Real estate valuers must work to the highest standards as they play a critical role in supporting markets by creating consistency and transparency. David Dušek (Czech Banking Association), Barbora Rýdlová (VŠE – Prague University of Economics and Business) and Petr Polák (Ministry of Finance of the Czech Republic) talked to Property Forum about the current state of the valuation profession and the challenges expert valuers face on the Czech market.
What are your expectations for the Czech economy’s growth in 2021?
David Dušek: Bank economists represented in the Czech Banking Association's macro prognostic panel raised the original estimate of GDP growth for this year to 3.3% in May due to promising signals of the impending recovery, while slightly adjusting the estimate for 2022 downwards to 4.3%. Most of the risks remain related to uncertainty about the further development of COVID-19 and its economic implications, including a serious shortage of some overseas subcontracting. In my opinion, it is still true that we are facing primarily a health crisis with economic consequences.
What are some of the major trends impacting the development of the Czech economy right now?
David Dušek: The development of the Czech economy is, of course, influenced by measures related to COVID-19. On the one hand, unemployment is low despite the pandemic, although its structural problems persist. On the other hand, public finances ended in deficit in the last pre-COVID year, and the accumulated public debt thus rose, and it is a question of its consolidation. And we also have a higher rate of inflation than that targeted by the Czech National Bank. The significant rise in prices also applies, for example, to residential real estate, which has risen in double digits over the last year. The increase in the Czech Republic was among the highest in the annual and three-year horizon in Europe. In this context, the CNB estimates that flats in the Czech Republic are overvalued for households with median incomes by an average of 18%, in localities with a high share of investment flats by up to 25% or more.
Petr Polák: Current demand on the residential real estate market significantly exceeds supply. Further growth can be expected especially in recreational properties, above all in rural houses, cottages and garden houses. Short-term rentals in tourist destinations have fallen on tourism, while long-term rentals are growing on a global scale.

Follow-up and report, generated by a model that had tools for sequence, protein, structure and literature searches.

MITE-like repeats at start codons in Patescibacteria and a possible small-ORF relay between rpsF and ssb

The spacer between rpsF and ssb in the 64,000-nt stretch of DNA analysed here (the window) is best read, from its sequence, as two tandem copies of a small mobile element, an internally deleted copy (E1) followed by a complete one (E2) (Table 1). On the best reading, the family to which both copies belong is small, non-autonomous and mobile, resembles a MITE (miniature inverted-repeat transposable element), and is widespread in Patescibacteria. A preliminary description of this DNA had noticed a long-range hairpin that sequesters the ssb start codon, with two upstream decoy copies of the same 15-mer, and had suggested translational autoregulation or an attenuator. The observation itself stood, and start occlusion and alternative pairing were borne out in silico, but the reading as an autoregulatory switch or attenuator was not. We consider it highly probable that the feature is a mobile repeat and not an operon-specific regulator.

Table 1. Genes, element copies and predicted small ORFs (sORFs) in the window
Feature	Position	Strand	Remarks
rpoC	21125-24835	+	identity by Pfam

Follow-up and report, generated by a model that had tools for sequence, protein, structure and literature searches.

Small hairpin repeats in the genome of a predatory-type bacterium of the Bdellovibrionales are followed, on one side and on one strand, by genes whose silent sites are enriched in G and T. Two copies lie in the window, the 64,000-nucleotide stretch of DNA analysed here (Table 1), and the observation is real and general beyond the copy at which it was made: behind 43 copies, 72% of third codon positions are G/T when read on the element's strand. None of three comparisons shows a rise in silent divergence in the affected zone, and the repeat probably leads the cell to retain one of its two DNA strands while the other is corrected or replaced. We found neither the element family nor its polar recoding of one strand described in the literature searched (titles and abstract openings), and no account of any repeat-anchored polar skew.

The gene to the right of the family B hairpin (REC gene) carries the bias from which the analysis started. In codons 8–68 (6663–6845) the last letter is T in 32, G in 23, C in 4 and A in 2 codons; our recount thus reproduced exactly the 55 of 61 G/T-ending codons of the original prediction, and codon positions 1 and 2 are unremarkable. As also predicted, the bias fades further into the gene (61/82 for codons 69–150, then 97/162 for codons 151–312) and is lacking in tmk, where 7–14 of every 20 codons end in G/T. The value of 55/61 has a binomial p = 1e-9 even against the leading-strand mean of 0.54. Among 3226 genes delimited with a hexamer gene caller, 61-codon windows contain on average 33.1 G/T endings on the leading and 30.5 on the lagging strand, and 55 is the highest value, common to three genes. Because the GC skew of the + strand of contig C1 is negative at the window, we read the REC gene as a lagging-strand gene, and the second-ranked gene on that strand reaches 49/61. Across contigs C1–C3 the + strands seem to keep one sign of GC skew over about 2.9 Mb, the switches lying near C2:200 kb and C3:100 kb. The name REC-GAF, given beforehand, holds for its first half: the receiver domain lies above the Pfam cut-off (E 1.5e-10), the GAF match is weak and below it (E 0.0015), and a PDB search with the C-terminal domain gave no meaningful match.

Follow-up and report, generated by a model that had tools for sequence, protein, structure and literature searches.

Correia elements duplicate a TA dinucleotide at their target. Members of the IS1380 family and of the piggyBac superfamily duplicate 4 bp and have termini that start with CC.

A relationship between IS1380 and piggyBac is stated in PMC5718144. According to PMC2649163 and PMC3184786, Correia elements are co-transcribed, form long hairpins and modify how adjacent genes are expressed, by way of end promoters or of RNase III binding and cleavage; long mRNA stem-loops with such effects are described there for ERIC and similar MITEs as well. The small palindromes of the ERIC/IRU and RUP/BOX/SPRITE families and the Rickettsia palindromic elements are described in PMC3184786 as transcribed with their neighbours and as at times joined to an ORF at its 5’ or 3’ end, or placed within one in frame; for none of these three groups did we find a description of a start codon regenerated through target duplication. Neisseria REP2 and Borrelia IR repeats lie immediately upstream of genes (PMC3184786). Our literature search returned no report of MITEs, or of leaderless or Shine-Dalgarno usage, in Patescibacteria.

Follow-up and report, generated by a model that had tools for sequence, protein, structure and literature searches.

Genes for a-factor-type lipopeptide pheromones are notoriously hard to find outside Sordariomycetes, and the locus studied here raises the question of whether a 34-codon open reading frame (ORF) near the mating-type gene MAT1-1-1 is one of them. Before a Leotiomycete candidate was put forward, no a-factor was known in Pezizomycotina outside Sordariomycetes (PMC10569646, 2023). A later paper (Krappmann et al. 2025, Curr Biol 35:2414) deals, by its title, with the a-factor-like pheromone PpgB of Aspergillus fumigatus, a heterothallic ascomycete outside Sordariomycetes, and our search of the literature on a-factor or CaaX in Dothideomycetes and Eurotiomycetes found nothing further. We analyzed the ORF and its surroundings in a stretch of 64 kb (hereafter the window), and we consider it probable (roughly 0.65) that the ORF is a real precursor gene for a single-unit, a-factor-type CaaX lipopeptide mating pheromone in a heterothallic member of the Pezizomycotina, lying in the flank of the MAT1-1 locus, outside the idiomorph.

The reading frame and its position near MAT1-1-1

How does the regulatory system keep pace with such changes, to ensure confidence is maintained?
Petr Polák: As a result of the COVID-19 pandemic, demand in the Czech Republic was postponed and the supply of residential real estate reduced. This now generally leads to an increase in property prices. The state, therefore, amended the conditions for granting guarantees and support to young families for the acquisition of first homes (apartments, family homes). They have been adjusted to make them more accessible and usable to this population group.
Real estate valuers must work to the highest standards as they play a critical role in supporting markets by creating consistency and transparency. Can you explain the role of your organisation in real estate valuation?
David Dušek: The Czech Banking Association is a voluntary association of banks and building societies operating on the Czech market. The topic of real estate valuation is a very important one for the bank's risk management, which is why the CBA structure also includes a working group for property valuation. The aim of this group is to harmonize and jointly interpret the various basic terms and approaches used in real estate valuation, increase the quality of valuation and professionalism of valuers and, last but not least, develop legal requirements and expectations arising from banking supervision conditions in the interest of improving the quality of services provided to end-users, i.e. bank clients. The working group has therefore compiled and published Real Property Valuation Standards for Collateral Valuation Needs of Financial Institutions and it’s permanently discussing this issue with all stakeholders. Individual members of the group also participate in the educational process of valuers, including their certification.